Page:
TBME presents

First in Vivo Potassium-39 (39K) at 9.4 T using Conventional Copper Radio Frequency Surface Coil Cooled to 77 K

Featured Articles

Ibrahim A. Elabyad, Raffi Kalayciyan, Nagesh C. Shanbhag, and Lothar. R. Schad, Heidelberg University, Germany
Volume 61, Issue 2, Page: 334-345

Potassium-39 (39K) magnetic resonance imaging (MRI) is a noninvasive technique which could potentially allow for detecting intracellular physiological variations in common human pathologies such as stroke and cancer. However, the low signal-to-noise ratio (SNR) achieved in 39K-MR images hampered data acquisition with sufficiently high spatial and temporal resolution in animal models so far. Full wave electromagnetic (EM) simulations were performed for a single loop copper (Cu) radio frequency (RF) surface resonator with a diameter of 30 mm optimized for rat brain imaging at room temperature (RT) and at liquid nitrogen (LN2) with a temperature of 77 K. A novel cryogenic RF surface resonator with home-built LN2 nonmagnetic G10 fiberglass cryostat system for small animal scanner at 9.4 T was designed, built and tested in phantom and in in vivo MR measurements. Aerogel was used for thermal insulation in the developed LN2 cryostat. The 3D chemical shift imaging (CSI) sequence was used for 39K-MRI at 9.4 T since the short relaxation times T1 allow for very short repetition times (TRs). In this work, we present the first in vivo 39K-MR images at 9.4 T for both healthy and stroke-induced rats using the developed cryogenic coil at 77 K. In good agreement with EM-simulations and bench-top measurements, the developed cryogenic coil improved the SNR by factor of 2.7 ± 0.2 in both phantom and in in vivo MR imaging compared with the same coil at RT. Results show that 48 hours after middle cerebral artery occlusion (MCAO), the 39K signal in the occluded hemisphere of the rat brain has been decreased by about 40% at 300 K and 75% at 77 K compared to the non-occluded hemisphere. The significant variations in 39K signal after ischemic stroke were successfully measured non-invasively, which could help to understand the physiological variations after ischemic brain damage.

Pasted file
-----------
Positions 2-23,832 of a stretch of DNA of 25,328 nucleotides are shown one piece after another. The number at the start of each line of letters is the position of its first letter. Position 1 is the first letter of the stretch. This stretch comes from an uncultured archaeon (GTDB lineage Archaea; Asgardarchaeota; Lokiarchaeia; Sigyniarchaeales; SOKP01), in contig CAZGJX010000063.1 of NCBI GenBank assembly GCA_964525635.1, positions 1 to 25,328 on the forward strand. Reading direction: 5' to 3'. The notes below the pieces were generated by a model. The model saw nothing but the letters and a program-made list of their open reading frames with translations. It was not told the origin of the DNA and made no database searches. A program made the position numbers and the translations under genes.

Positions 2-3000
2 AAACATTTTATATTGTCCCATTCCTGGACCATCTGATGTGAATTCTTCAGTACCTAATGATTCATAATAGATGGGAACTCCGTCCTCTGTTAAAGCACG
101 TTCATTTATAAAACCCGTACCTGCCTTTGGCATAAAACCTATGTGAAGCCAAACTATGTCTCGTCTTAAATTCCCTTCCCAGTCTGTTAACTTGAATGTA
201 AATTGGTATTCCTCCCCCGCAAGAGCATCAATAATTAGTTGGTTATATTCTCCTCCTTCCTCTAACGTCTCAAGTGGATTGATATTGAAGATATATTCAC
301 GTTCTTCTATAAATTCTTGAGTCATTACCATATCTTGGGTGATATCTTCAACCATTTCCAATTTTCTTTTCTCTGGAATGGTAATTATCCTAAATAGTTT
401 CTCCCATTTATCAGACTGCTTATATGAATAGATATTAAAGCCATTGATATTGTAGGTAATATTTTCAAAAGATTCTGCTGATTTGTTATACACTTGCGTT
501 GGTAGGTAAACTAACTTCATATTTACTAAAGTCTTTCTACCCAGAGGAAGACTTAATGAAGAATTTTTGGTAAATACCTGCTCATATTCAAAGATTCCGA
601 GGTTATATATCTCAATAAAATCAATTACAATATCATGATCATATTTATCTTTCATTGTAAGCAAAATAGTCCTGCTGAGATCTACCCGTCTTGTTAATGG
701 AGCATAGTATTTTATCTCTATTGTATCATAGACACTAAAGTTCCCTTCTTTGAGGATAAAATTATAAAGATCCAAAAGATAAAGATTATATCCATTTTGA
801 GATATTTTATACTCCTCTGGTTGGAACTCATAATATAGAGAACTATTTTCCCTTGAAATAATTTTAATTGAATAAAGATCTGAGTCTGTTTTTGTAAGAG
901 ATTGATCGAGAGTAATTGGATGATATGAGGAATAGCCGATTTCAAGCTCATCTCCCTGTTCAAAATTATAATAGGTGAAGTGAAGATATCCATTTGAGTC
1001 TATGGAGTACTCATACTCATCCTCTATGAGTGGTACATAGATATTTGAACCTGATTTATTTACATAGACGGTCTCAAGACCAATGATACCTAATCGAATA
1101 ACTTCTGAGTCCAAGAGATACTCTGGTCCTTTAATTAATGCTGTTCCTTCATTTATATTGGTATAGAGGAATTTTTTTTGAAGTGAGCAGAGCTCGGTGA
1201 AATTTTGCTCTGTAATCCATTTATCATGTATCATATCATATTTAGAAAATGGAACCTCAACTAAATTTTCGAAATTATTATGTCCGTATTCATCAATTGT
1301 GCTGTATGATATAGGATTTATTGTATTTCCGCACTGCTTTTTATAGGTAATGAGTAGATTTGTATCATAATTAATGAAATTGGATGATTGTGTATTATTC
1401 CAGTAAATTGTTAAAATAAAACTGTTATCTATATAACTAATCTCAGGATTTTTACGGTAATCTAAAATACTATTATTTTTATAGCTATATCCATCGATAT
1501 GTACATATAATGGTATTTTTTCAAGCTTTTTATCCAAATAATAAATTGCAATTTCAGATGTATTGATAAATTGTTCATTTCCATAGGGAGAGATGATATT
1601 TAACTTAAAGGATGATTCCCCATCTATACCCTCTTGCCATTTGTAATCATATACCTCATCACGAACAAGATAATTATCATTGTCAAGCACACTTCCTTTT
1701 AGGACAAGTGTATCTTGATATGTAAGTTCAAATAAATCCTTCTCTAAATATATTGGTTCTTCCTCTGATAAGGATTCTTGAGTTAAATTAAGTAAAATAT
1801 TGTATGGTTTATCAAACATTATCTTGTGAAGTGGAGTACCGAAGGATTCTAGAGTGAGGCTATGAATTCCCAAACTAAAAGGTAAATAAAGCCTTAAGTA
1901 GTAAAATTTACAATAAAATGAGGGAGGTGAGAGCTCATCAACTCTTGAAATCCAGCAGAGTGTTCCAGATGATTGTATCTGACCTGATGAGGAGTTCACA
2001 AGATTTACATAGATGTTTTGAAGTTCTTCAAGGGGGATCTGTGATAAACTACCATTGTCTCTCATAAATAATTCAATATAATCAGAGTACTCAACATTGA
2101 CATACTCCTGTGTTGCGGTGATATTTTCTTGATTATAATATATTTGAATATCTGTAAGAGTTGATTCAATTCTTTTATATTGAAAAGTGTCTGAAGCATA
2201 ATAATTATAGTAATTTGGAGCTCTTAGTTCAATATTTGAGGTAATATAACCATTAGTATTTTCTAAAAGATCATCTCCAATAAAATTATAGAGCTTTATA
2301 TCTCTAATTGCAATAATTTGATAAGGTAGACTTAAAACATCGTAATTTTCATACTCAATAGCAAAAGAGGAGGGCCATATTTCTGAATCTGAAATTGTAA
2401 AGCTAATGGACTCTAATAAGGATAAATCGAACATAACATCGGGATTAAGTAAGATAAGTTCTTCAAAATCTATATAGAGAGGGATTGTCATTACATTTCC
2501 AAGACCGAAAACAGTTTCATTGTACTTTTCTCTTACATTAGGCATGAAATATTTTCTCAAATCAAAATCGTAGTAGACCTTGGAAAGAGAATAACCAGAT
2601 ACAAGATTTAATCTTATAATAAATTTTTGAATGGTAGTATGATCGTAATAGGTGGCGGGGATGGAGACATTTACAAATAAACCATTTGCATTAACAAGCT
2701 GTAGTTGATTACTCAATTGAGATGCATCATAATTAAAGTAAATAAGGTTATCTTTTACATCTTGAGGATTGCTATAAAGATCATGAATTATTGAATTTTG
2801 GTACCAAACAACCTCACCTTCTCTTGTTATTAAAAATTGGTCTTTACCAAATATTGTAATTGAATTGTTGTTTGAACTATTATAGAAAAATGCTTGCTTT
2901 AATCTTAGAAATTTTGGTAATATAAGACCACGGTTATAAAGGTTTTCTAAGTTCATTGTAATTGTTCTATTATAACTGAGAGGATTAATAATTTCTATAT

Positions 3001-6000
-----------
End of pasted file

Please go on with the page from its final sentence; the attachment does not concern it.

Related Articles